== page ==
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On Mon, Nov 30, 2009 at 11:07:36PM -0500, Jim Pryor wrote:
> On Mon, Nov 30, 2009 at 03:52:37PM -0800, Chris Gagnon wrote:
> >    Since ref and the corresponding rawgeti are the fast methods for table
> >    access i use the following code to create myself a new co routine.�
> > 
> >      lua_getfield(MainState, LUA_GLOBALSINDEX, "ThreadTable");
> >      lua_State *thread = lua_newthread(MainState);
> >      int refID = luaL_ref(MainState, -2);
> >      lua_pop(MainState,1);
> > 
> >    So now the when i want to let GC clean up the coroutine i need to :
> > 
> >      lua_getfield(MainState, LUA_GLOBALSINDEX, "ThreadTable");
> >      luaL_unref(MainState, -1, refID );
> > 
> >    The remaining piece is where do i get refID when i want to unref? or how
> >    do I store that refID with the co routine?
> >    Here are some of the possibilities/issues i have run into.
> > 
> >      * Environment table
> >        I have multiple co routines sharing an environment which dosn't allow
> >        me to uniquely store this value,
> >        without another table which is undesirable from a
> >        complexity/performance standpoint
> >      * Stack
> >        Since the new stack is the only thing completely unshared when
> >        creating a co routine, I simply push the value onto the stack.
> >        This works like a charm until an error case, errors leave the stack in
> >        the layout of the function that ran into the problem.
> >        In this case i do not know how to recover the refID to properly clean
> >        up.
> > 
> >    Thoughts about my specific issues?
> >    Other suggestions/approaches that i haven't mentioned?
> Can you control the body of the coroutines? If so, pass the refID to
> them in their opening argument list, and use it to immediately create an appropriate
> __gc method which you attach to some userdatum guaranteed to live as
> long as the coroutine does. You don't need to 
> Does that suit your needs? If so, then your problem reduces to how to
> ensure that the userdatum lives for just the length of time you want.
> You could make your coroutine bodies look like this:
> function body(refID, ...)
>     local userdat = newproxy(true)
>     getmetatable(userdat).__gc = function(self)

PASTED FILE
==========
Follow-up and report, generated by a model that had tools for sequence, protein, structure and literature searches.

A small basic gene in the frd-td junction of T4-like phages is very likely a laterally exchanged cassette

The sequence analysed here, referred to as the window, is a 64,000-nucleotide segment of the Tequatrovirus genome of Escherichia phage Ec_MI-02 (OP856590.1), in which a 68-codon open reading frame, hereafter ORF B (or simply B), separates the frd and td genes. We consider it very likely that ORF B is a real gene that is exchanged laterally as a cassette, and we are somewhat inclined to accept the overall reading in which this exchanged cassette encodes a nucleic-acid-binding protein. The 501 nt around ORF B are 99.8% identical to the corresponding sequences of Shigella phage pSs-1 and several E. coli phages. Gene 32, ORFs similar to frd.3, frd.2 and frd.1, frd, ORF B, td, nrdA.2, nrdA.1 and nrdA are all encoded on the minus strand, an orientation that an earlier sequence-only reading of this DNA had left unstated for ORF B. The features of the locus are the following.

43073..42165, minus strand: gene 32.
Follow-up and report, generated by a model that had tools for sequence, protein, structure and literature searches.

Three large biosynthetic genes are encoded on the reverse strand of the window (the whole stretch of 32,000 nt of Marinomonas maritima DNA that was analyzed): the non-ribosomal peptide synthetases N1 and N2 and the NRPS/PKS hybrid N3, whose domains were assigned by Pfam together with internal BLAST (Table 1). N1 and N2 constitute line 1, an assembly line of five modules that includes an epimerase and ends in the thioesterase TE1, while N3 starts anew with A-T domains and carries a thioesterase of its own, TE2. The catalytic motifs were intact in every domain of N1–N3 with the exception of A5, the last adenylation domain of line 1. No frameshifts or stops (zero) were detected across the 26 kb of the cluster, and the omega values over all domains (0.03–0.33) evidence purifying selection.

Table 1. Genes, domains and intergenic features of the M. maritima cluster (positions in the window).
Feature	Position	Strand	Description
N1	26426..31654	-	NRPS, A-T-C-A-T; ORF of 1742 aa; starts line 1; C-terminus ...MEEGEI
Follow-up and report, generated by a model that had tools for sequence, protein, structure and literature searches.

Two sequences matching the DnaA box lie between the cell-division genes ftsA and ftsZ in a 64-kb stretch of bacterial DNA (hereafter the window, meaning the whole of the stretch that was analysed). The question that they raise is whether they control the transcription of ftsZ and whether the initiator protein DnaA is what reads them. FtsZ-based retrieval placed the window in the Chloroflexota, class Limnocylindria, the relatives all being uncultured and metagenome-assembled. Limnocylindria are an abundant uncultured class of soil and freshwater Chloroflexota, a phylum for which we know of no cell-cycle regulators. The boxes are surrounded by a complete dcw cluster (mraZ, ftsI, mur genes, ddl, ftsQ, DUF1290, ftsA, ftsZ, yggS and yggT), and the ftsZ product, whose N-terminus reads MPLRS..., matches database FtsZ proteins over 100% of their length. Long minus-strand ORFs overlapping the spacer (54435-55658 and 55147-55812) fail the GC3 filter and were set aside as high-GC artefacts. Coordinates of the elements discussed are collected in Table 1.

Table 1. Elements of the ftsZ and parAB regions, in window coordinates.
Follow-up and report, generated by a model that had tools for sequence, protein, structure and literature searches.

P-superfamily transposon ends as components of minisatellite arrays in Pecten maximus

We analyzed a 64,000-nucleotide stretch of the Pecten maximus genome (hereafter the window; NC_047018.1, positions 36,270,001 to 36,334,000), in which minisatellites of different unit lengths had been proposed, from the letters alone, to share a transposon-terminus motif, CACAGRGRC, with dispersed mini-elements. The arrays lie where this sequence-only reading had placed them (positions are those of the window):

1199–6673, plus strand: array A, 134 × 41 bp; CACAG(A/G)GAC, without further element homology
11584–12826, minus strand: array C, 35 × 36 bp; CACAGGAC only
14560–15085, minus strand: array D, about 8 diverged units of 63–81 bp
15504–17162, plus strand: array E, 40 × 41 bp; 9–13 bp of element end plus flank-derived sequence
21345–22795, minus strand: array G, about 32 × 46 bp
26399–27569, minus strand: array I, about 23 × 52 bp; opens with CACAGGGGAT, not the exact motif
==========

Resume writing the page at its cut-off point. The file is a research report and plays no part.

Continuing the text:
>             luaL_unref(ThreadTable, refID)
>         end
>     local results = { pcall(... rest of coroutine body ...) }
>     userdat = nil
>     return unpack(results, 1, #results)
> end
> There are probably more elegant solutions (for example, one dumb thing
> here is you've got two levels of pcall: first every coroutines runs
> inside one, second you're explicitly invoking another one. It'd be more
> elegant to find a solution that involves only one level of pcall per
> thread. But this may point you in a useful direction.

I find the example the way you've described it somewhat bewildering. Why
do you think your threads need access to their own refID? Your main
thread should know when the subthreads have gone dead or stopped with an
error, and can then remove them from the ThreadTable and tell its own
data structures to stop using that refID. The threads won't get __gc'd
any earlier than that because the ThreadTable keeps them alive. Even if
there *were* some good reason to have the threads do their own cleanup, it
wouldn't be enough for them to remove themselves from the
ThreadTable---they'd also have to tell the main thread data structures
that that refID was now invalid (and might get allocated to a new thread
before they next try to use it). So as I said, it's somewhat bewildering
why you'd want your threads to be using this particular piece of local

But stepping back and just addressing your problem of how to find an
extra place to stash local data without creating a new table for each
thread, I can think of two natural ways. First is to pass the data to
the threads when they're first called, as I describe above, and thereafter store it in a
local variable or upvalue for the thread.

Second is to create a single additional table (per piece of local data), use the threads themselves as keys
and the different local values per thread as the table values. This
single table can be stored in the shared environment all the threads
have access to. They can get themselves by doing coroutine.running(). If
the local data needs to be used often and you want to avoid the hit of
the lookups, then look the data up once and save it in a local variable
or upvalue.